If Churchill was right (and he was often right), then perhaps this wild digital democracy is the best we can do, and we’ll find ways to mitigate the evil and protect one another from the ugliness. In the meantime, perhaps we could make it a priority to just . . . be kind, whenever and wherever possible; it costs nothing, after all, and it may redeem us yet.

21 comments:

  1. Respect and kindness are in short supply these days.

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    1. Sadly, that's very true. It's a little depressing, really!

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  2. I have a feeling that the ugliness will wear out eventually. People will adapt to negativity and give it less and less attention and credence. That's my hope anyway.

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    1. Man, I sure hope you're right! It's nice to think that could be the case - and it's good to see that level of optimism in someone I respect. Let's hope for the best!

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  3. As a librarian, I cringe at all the unsupported "information" I see on the Internet. Unsupportable really, because it's false. Any librarian could find you the data that supports one side or another on most issues.

    And if people aren't interested in facts it's not surprising that they sink quickly to invective when they are expressing opinions. But destroying someone's life as Internet bullies have done to Zoe Quinn is truly unconscionable.

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    1. Yep, we removed so many barriers, which is good -- but sometimes some of those barriers served a purpose. I have to spend a lot of time in class trying to get students to be critical consumers of this sort of media. The funny thing about the Gamergate saga is that I'm not even saying (and I've tried hard to AVOID saying) that Zoe is right. Like you, I'm just saying that there's a difference between rational argument and crude invective, and on the Internet that lines gets crossed so very frequently.

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  4. What a thought-provoking column, Rod. I have some questions/comments: First, I'd like to think the ugliness is a result of a very small minority of people who just don't think through the consequences of their actions. Do you think it's worse than that?

    Second, do you think the tendency to join a mob or pile on someone when he or she is down preceded the Internet and even technology? So, that unpleasant aspect of our humanity (or lack thereof) is not new?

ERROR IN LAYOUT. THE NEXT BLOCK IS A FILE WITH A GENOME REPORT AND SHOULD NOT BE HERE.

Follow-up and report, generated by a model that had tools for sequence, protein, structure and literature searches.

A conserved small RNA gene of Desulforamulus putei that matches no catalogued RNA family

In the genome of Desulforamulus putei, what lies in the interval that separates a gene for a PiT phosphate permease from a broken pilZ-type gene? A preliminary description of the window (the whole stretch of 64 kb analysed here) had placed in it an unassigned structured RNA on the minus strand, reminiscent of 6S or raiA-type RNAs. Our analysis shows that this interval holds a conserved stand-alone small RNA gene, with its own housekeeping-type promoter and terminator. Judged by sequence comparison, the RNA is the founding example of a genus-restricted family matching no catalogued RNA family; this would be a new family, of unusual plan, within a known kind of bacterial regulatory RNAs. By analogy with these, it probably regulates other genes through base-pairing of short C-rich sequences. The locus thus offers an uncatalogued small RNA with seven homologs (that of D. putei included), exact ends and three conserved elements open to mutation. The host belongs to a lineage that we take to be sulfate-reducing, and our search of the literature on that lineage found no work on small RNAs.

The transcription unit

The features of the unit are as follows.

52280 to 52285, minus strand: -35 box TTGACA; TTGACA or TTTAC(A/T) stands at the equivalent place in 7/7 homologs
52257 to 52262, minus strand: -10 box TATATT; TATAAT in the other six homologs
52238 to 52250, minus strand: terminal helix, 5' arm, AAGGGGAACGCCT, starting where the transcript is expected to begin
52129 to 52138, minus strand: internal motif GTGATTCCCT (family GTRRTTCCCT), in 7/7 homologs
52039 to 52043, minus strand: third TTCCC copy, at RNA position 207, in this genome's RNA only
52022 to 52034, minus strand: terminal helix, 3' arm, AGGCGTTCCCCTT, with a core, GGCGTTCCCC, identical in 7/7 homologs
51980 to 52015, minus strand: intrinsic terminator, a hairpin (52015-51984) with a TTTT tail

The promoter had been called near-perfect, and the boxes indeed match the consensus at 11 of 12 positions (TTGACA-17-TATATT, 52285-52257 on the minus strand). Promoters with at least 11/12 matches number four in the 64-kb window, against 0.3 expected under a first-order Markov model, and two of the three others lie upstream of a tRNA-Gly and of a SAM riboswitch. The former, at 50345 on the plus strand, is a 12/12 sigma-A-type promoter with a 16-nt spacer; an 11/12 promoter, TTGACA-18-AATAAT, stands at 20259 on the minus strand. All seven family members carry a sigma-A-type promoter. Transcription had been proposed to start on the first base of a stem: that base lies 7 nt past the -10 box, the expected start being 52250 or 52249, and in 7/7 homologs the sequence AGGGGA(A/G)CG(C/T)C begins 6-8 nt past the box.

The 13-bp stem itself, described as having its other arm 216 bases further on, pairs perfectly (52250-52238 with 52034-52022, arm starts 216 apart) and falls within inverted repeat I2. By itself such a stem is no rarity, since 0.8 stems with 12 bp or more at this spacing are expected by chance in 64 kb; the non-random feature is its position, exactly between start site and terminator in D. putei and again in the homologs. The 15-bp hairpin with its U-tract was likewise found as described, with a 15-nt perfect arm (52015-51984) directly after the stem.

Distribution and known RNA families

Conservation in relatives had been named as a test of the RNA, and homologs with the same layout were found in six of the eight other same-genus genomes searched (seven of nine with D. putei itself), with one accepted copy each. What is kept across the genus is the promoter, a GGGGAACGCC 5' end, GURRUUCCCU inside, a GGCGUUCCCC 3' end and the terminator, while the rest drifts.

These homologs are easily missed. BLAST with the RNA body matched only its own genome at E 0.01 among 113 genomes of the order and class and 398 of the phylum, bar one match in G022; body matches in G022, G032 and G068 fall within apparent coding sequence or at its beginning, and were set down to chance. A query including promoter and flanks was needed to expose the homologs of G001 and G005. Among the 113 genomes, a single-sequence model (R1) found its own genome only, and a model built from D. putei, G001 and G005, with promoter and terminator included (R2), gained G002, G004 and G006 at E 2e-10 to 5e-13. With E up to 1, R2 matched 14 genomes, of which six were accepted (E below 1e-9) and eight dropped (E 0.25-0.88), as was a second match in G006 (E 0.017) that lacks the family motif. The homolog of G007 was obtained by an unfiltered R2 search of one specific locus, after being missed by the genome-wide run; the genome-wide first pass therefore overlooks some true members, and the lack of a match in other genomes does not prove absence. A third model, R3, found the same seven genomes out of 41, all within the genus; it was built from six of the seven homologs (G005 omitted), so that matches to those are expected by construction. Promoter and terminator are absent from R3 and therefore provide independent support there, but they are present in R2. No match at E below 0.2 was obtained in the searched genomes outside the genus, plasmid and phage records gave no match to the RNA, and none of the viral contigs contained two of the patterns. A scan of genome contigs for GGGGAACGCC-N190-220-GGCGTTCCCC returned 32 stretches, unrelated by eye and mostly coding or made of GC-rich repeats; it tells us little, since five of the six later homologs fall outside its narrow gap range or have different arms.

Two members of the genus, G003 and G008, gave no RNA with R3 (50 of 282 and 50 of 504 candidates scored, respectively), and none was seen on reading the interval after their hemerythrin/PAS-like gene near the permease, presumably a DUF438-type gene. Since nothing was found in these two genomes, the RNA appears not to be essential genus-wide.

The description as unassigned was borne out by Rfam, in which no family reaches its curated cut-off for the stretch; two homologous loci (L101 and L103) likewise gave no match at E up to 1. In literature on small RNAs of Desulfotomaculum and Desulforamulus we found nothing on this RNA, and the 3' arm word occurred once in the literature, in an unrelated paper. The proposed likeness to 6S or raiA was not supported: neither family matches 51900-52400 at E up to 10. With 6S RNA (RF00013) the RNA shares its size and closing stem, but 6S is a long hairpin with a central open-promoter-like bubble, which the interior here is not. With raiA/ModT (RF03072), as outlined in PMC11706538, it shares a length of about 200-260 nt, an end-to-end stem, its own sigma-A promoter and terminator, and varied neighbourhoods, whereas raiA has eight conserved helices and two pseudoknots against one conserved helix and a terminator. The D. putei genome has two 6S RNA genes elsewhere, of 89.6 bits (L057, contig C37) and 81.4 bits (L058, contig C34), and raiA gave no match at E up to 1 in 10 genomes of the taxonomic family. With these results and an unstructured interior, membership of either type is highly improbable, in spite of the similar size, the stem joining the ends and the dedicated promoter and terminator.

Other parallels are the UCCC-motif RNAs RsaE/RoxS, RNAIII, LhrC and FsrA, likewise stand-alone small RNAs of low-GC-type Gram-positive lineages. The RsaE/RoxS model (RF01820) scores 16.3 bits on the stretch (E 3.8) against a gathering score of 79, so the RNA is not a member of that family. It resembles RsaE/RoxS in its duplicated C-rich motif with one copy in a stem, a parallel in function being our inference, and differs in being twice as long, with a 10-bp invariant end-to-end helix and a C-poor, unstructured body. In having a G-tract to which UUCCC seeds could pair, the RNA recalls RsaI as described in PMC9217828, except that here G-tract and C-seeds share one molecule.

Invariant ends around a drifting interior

Third, I agree that tech has made it far easier to join in the ugliness because the it's 1) more visible to greater numbers of people (an anonymous letter sent to someone's home would go unnoticed by almost everyone but the recipient), and 2) it's easier to reply in a comment section than it is to take the time to write or type a letter, research an address, find a stamp, and then mail the letter. So, in that way, technology and its immediacy is definitely to blame.

    And, fourth, in the past--so, yes, pre-tech--I'd guess that most of the people who may have actually taken the time to write a letter and do the rest may also have had time to reconsider their ugly response and cool off before reflexively and immediately hitting reply.

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  5. I actually don't think the ugliness or the piling on are any worse, no - just easier to do and more visible these days. I do think that the immediacy has a lot to do with it -- it's so easy to click Send or Publish and BOOM!! It's done. No real thought, certainly not much in the way of reflection. So, yeah, I think a lot of people are (and always have been) jerks and the tech lets them be jerks much more quickly and with very little accountability.

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  6. A related aspect of the "democratization of misinformation" is that it is now stupendously easy for anyone to find confirmation for his or her particular bias. I think people fall easy prey to the logical fallacy that, if 500 people believe something, it must be more true than if only 50 people believe it; and you can now readily find 500 (or 5,000) people who heartily endorse the same beliefs you endorse, independent of whether those beliefs are actually supported by any facts.

    So groups like that often become echo chambers. They preach to the choir. Instead of rational discussion of the issues, they often simply offer mutual support, and insult to outsiders. This can be VERY seductive, especially for people who feel themselves emotionally but not quite rationally drawn to an idea.

    Here's an example. About two years ago, I started seeing a handful of YouTube videos proposing the completely insane notion that the earth is FLAT (including slick animations "proving" that airplanes can't fly properly on a spinning globe, and so on). I had a good laugh.

    Two years later, by one estimate, there are now about TWO MILLION "flat-earth" videos on YouTube. People talk about their personal "awakening" to the truth of the flat earth. There are weekly hosted YouTube broadcasts featuring interviews with "prominent" flat-earthers. Flat-earthers have written petitions to NASA demanding their tax dollars be refunded (because all those space missions are hoaxes). It's no joke.

    A survey of these videos, and the accompanying comments, shows there's a large group of people out there who are drawn to a view of the universe that can be understood with simple, naked-eye observation, and little or no scientific analysis or (God help us) mathematics. They are SO strongly drawn to it that they are perfectly happy to rewrite history, make up their own laws of physics, and literally label as "hoax" any experimental result that conflicts with their thesis. They're virulently, even proudly, anti-intellectual -- and they're THRIVING.